More and more, we’re seeing iOS development shops here in town embrace the Android platform, porting popular iPhone and iPad apps over to comparable non-Apple hardware. It makes sense. Especially as Android continues to build an impressive market share. Read More
The Northwest Major League Soccer fans, they love their technology and their startups. It’s something John Cook of Geekwire in Seattle has mentioned a number of times with regards to the Sounders fans. And the Timbers Army? They’re no different.
In fact, the Portland Timbers are so techie, they offer not one, but two mobile apps now. And the latest instantiation—the Timbers’ JELD-WEN Field in Meridian—offers a ton of interesting and useful information. Read More
You know me. I like to claim that Portland is the de facto hub of any number of scenes. Open source. Branch offices. Microbreweries. Strip… ahem. But when it comes to claiming we’re the de facto hub of the mobile development scene, that’s about as defensible as can be. And today, it got even more, um, defensibler.
You see, today, Portland-based Urban Airship—a company that has been leading the market in push notifications for the iOS platform on iPhones and iPads—happened to announce the availability of embedded push notifications on the Android platform. And that, my friends, is kind of a big deal. Read More
But to report a problem to the City with a mobile app? Well, that took an iPhone—a notably proprietary system. That was, until now. Introducing PDX Reporter, a new Android app designed to report problems directly to the city, quickly and easily. Read More
[HTML1]Remember back when the City of Portland launched an iPhone app? Remember one of the first questions out of the gates? That’s right. When was the City going to offer apps on other platforms?
Well, the City of Portland has been working on those other platforms and devices. And now, they’re ready to test an app for the open source Android operating system. (Or maybe not so “open.”) Got an Android device? Want to help the City test its app? Right this way. Read More
[HTML1]Sure, sure. The world of mobile apps is in the midst of a veritable gold rush. It’s a market that has the potential to make individual developers and small businesses rich beyond their wildest dreams.
But just like the original gold rush, there are a few problems with getting to that gold. The primary one is a little problem people are calling “discoverability.” That is, in a world of apps, how do people find yours? The other is retention. Or once they have the app, how do you keep users using it?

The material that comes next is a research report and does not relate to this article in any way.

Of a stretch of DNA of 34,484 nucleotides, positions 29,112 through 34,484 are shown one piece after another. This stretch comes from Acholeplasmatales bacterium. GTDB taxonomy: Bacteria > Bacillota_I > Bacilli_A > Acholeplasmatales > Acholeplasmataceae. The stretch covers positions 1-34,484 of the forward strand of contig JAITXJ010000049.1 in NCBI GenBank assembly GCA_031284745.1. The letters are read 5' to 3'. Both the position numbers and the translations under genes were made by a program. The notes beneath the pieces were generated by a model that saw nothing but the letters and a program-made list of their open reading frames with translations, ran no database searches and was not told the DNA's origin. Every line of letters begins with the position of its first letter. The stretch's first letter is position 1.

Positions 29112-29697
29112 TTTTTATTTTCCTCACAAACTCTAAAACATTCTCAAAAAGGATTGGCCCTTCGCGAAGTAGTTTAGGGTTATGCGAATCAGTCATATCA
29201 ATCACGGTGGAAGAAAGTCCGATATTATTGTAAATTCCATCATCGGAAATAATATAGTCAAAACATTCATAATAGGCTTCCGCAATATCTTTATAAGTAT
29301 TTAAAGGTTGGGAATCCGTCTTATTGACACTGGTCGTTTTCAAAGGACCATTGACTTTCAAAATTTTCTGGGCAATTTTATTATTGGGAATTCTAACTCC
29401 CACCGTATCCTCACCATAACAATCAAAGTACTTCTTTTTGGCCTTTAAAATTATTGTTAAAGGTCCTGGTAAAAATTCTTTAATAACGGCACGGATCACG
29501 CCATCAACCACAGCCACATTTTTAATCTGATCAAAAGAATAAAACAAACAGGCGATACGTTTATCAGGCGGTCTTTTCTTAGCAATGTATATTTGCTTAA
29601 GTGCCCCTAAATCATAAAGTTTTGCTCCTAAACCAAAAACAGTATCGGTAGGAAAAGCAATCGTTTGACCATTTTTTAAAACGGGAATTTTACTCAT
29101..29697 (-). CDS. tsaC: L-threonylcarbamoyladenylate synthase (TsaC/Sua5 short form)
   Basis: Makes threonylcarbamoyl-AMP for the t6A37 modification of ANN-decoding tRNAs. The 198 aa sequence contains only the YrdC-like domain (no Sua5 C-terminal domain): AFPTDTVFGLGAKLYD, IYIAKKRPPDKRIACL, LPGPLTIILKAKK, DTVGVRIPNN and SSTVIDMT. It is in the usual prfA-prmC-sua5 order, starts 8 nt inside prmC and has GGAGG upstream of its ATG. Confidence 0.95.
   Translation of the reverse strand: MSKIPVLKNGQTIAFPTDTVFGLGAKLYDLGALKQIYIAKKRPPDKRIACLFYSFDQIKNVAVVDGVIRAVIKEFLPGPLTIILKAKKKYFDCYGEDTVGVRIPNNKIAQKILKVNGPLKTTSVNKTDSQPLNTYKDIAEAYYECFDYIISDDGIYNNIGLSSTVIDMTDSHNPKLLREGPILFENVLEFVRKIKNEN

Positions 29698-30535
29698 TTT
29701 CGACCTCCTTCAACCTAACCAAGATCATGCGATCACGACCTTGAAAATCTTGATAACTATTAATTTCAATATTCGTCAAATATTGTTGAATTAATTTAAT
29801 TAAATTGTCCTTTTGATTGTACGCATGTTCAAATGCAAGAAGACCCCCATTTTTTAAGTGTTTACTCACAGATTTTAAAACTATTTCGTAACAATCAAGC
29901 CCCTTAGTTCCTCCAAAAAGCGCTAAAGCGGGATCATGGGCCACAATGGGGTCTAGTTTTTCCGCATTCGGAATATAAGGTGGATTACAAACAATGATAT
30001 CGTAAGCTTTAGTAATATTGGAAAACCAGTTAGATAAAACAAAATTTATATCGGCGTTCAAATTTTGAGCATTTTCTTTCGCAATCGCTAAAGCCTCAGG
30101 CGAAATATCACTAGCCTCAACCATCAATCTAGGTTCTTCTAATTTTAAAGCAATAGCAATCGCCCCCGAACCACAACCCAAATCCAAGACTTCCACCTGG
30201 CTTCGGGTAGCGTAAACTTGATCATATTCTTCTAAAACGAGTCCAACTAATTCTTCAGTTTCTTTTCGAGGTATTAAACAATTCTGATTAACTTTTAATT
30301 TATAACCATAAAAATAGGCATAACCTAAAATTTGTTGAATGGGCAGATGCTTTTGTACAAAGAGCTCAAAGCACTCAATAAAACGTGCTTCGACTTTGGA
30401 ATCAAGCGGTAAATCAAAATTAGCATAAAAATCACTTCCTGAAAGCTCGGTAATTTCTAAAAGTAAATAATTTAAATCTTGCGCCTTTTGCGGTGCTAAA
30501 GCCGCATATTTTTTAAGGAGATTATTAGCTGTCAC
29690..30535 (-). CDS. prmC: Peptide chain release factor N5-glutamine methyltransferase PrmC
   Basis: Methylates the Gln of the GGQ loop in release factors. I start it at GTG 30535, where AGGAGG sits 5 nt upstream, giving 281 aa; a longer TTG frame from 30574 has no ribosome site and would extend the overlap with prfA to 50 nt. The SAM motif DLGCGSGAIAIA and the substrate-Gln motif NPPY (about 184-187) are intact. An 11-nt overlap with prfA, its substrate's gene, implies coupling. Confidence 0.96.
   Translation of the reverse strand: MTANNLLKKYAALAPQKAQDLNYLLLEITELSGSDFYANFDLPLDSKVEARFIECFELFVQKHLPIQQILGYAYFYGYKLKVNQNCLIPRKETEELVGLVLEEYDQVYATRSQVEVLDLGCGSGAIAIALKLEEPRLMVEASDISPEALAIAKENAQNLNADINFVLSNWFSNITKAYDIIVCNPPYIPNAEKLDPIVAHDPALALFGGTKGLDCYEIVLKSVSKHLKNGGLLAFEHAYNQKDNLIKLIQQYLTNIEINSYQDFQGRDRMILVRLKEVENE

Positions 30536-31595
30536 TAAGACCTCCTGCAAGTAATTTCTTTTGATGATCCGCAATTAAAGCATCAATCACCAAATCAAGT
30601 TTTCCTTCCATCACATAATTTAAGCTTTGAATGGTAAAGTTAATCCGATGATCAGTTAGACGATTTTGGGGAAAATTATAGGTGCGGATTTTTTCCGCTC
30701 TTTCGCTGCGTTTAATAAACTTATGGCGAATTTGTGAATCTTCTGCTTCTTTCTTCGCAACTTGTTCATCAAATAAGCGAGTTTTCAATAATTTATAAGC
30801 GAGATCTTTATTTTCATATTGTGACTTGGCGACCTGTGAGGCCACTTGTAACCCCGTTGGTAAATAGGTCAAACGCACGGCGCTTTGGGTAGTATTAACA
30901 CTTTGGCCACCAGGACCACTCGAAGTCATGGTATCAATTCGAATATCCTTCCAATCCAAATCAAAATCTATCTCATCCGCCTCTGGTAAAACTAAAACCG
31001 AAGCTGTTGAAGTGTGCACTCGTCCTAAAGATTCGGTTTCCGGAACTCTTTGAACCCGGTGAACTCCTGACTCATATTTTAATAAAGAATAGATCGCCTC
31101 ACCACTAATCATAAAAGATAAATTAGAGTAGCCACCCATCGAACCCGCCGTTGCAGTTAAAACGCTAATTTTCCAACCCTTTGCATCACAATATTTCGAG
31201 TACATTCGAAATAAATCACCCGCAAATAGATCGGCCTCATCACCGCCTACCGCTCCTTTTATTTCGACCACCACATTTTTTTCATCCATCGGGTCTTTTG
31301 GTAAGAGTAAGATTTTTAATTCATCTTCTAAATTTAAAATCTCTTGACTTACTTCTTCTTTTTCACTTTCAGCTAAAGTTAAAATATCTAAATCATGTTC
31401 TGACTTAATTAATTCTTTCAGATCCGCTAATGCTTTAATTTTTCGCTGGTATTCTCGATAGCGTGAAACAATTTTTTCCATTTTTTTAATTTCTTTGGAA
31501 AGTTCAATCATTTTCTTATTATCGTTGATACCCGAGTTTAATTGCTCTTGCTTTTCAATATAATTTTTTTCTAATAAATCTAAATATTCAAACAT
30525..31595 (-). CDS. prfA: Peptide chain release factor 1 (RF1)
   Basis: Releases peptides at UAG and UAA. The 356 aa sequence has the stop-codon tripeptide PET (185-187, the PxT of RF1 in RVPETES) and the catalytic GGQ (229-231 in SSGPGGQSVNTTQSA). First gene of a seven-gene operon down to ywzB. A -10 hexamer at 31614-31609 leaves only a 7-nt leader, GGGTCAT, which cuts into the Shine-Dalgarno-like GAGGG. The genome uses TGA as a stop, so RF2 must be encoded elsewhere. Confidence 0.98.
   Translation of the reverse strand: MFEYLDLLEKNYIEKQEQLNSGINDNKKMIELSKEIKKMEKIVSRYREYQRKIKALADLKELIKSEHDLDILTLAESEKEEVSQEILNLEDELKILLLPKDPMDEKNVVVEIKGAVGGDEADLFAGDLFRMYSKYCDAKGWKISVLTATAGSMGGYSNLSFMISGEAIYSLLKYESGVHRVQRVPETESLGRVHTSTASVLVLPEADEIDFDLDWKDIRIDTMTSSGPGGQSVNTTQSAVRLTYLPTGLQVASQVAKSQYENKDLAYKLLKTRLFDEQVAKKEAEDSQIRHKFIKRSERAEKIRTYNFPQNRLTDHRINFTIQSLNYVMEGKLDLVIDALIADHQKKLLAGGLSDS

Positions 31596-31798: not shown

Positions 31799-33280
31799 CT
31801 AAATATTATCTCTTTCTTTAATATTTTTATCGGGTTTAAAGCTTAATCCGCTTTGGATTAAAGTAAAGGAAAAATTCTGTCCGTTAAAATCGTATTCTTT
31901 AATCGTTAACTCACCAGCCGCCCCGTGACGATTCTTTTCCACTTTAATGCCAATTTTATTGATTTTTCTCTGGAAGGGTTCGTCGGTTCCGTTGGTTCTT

When it comes to geogeeking here in Portland, most everyone knows about Platial, one of the original social mapping efforts that was founded right here in the Silicon Forest. But what you may not know is that Platial’s cofounder and chair, Di-Ann Eisnor, is hard at work with another geolocation company called Waze.
While Waze isn’t Portland-based, having Di-Ann working there does give us a Portland tie. And now, there’s another opportunity to put Portland on the Waze map—literally. Di-Ann is inviting you to give Waze a test drive and provide feedback on the mobile. And the reward for your hard work? A free pie from the Whiffies food cart for participating drivers. Now, what could be more Portland-y than that? Read More
If you don’t think that’s the weirdest headline I’ve ever written, I’ll give you five bucks. But you have to cite the weirder one.
Portland-based Jive Software has just announced that Android, a free mobile platform designed by Google and the Open Handset Alliance, incorporates Jive’s open-source eXtensible Messaging and Presence Protocol (XMPP) library, Smack.
Recently Gato, the lead engineer for Jive’s Real Time team, came across this post from Davanum Srinivas that talks about how to use the Smack XMPP library built into Android. Smack’s inclusion in Android was news to us, but we’re honored that our work will be included in one of the most anticipated technology releases in the mobile world since the iPhone.
What’s that mean? Well, in simple terms, it means that, in the future, Jive’s contribution to the project could be helping to power instant messaging on millions of mobile phones.